VANN: Given that everybody needs vaccinations, or almost everyone, it can mean a huge difference in the number of people that get vaccinated.

NEIGHMOND: Literally millions of people when you consider the size of the U.S. population. As for the most effective reminder...

VANN: The old-fashioned personalized telephone call where somebody personally calls someone and lets them know about the benefits of vaccinations and invites them to come in and get vaccinated.

NEIGHMOND: People who got these were nearly twice as likely to get vaccinated compared to those who got no reminders. The next best reminder - snail mail or a text message. The results of the study are published in the Cochrane review. Now, in the U.S., most children get their vaccines except when it comes to the flu. And among adults those 65 and older who are at risk of severe complications from the flu often don't get the shot. Vanderbilt University infectious disease specialist William Schaffner says that's unfortunate because now there are two vaccines custom designed to work better for older patients.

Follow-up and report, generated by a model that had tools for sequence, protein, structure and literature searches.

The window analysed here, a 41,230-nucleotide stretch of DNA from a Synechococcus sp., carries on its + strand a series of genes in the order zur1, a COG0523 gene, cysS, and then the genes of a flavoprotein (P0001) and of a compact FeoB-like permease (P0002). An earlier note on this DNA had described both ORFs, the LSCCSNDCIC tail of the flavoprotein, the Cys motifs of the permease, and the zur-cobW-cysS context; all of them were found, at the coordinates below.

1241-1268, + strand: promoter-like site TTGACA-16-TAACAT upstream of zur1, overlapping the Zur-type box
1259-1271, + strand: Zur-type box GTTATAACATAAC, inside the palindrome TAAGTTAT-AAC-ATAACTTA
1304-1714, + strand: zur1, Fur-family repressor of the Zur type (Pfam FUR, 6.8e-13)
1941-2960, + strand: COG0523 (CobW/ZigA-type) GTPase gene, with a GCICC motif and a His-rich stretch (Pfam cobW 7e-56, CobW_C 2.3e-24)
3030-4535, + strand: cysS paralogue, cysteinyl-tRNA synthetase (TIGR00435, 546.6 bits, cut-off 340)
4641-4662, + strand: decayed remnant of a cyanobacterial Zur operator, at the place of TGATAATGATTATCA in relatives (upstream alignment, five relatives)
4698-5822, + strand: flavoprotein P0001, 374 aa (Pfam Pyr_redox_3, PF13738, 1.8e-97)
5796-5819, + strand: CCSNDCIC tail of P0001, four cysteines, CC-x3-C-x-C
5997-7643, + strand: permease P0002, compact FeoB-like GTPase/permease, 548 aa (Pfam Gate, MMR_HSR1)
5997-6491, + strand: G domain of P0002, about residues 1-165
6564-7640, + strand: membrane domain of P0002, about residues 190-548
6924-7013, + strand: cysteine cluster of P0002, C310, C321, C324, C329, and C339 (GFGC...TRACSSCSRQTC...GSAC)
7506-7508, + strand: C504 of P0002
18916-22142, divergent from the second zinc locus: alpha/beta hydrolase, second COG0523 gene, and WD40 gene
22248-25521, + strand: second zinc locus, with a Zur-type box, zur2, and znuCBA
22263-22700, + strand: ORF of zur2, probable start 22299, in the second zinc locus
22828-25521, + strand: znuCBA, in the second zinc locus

WILLIAM SCHAFFNER: As we get older, we become more physically frail, so does our immune system. It doesn't work as well. But these vaccines that are formulated for people age 65 and older give more punch to the immune system.

NEIGHMOND: And then there's the 50 to 64-year-old population - less than half of them get the flu vaccine. Take Marian Smith.

MARIAN SMITH: I usually always get it - not this year. I missed the flu shot this year.

NEIGHMOND: Smith is 58 years old. She says logistics at work made it difficult. Will she still try to get the shot? Probably not, she says.

SMITH: Of course, you could get it right here at the grocery store. But I just didn't get it. I don't know. I can't tell you why.

NEIGHMOND: Maybe a nudge from her doctor might have done the trick. As it is now, researchers say, most doctors don't send out any immunization reminders. Patti Neighmond, NPR News.

(SOUNDBITE OF TEEN DAZE'S "BY LOVE") Transcript provided by NPR, Copyright NPR.